Alejandra Salinas and Aeron Bergman
Duration: 24' 30"
Aeron Bergman and Alejandra Salinas video Wildflowers
(2005-2009) may sound like a classical radio documentary
from a distance, based as it is on a number of interviews
with non-profit workers and activists in Detroit. But
something is wrong. Over the voices that talk about
idealistic work, depressing statistics and individual
fates resulting from lack of politics in the old
automobile town, there is a beat - a rasping abrupt rhythm
that destabilizes the logic of the stories being told. And
instead of pictures of those talking, the soundtrack is
accompanied by animated text. Normally, a classical
documentary has a voice over, a voice that leads an
implicit credibility to the visual material; a voice that
reads a text that gives meaning to what we see. Another
classical technique of the documentary genre is the
interview, in which the person is presented in a portrait
format, while the interviewer is out of the picture. A
face arouses credibility in the same way as a voice over
connects the parts of the story into a whole. Bergman and
Salinas call Wildflowers “text animated portraits” that
reveal unusual people in difficult situations. This text
animation is reminiscent of an advertisement board from
the 1950’s but instead of commercial commodities, it draws
our attention to political and social messages. The
artists give the following reason for their work:
As we have seen in New Orleans, the systematic dismissal
of large populations of people is a chronic issue in the
United States (and beyond), but Detroit may be the most
extreme and extended scenario in the nation. Generally
speaking, there are two sorts of activists: individualists
who work from utopian processes outside the system, and
pragmatists who address immediate issues one at a time. In
both cases, their efforts are effortlessly marginalized by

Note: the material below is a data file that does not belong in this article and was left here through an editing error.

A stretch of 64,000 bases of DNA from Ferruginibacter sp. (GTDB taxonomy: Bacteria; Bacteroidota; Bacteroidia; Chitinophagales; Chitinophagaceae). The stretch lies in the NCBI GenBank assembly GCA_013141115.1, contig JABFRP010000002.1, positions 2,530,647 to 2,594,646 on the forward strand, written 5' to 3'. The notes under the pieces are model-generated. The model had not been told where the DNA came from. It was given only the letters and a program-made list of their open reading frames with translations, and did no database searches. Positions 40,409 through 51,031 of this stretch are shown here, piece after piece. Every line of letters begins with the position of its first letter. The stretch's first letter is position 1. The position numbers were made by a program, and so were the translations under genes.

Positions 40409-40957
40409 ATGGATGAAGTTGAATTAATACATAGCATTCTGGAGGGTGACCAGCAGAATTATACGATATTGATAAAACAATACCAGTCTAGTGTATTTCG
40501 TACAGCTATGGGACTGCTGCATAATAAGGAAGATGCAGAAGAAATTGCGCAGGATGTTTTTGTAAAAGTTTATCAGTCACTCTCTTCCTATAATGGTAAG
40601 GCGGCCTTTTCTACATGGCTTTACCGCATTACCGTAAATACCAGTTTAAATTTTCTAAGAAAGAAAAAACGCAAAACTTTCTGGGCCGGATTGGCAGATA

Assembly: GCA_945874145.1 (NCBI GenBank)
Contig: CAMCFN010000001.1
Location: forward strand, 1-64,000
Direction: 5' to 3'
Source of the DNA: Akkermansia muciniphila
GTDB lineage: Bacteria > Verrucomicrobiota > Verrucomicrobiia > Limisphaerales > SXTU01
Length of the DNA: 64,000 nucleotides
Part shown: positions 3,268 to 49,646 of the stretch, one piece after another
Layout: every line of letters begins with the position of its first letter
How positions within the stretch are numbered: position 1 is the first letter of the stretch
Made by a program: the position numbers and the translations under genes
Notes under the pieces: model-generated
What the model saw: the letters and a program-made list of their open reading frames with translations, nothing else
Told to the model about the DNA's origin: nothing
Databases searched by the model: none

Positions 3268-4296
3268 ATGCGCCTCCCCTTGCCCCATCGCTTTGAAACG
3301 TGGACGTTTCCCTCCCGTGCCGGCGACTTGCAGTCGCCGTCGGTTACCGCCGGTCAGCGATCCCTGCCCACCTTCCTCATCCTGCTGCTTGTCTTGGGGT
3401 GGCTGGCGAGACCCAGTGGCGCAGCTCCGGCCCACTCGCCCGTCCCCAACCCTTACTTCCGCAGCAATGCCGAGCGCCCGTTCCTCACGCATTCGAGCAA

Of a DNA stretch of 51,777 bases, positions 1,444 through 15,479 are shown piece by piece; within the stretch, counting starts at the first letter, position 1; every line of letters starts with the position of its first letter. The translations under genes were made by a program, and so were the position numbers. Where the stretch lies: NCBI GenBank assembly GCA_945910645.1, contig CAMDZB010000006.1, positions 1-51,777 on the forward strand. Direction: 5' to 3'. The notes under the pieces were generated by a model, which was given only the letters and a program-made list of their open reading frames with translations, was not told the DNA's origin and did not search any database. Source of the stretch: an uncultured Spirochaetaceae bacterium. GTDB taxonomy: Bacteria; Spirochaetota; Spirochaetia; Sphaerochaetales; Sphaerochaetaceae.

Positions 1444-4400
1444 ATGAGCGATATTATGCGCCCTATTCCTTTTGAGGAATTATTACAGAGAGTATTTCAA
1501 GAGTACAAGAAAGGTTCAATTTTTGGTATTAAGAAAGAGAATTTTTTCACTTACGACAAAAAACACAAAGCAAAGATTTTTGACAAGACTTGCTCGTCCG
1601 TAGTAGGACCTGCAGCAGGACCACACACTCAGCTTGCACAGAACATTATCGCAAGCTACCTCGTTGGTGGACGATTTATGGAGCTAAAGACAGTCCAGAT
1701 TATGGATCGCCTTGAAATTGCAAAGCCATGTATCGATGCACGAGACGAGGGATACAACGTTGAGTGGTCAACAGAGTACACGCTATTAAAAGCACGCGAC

the mainstream. In the following videos Detroiters
articulate their battles and give human voices to the
In Wildflowers the message is intensified, while the focus
on the individuals is erased. We therefore interpret the
situation according to how the different voices come over,
independent of appearance, ethnicity and habitus of the
persons concerned. The work gives case details a voice,
strengthens the rhetorical points by means of the visual
text and generates a scenario where the issues at stake
are made potent. This transforms Wildflowers into visual
-Tone Hansen, curator, director Henie Onstad Art Centre.
Ron Glotta: labor lawyer, author and progressive leader.
Grace Lee Boggs: legendary civil rights activist, author,
Asenath Andrews: principal Catherine Furguson Academy For
Pregnant and Parenting Teens.
Lumika Bufkin: student Catherine Furguson Academy
Paul Weertz: science teacher, urban gardener, Catherine
Brother Rick Samyn: Cappuchin monk. Founder of Earthworks
Urban Farm at Cappuchin Soup Kitchen.
Marcia Lee: full time volunteer at Earthworks and
Cappuchin Soup Kitchen.
Kathy Milberg: founder of Southwest Detroit Environmental
Reverend Jim Holley: founded a high school, pharmacy,
health clinic and sandwich shop at the Little Rock Baptist
Ron Scott: co-founder of the Detroit branch of the Black
Panthers, founder of Detroit Coalition Against Police
Steve Tobocman: (D) state representative, Southwest
Detroit, 12th district.
Lucy Harrison: leader of American Indian Health and Family
Services of Detroit.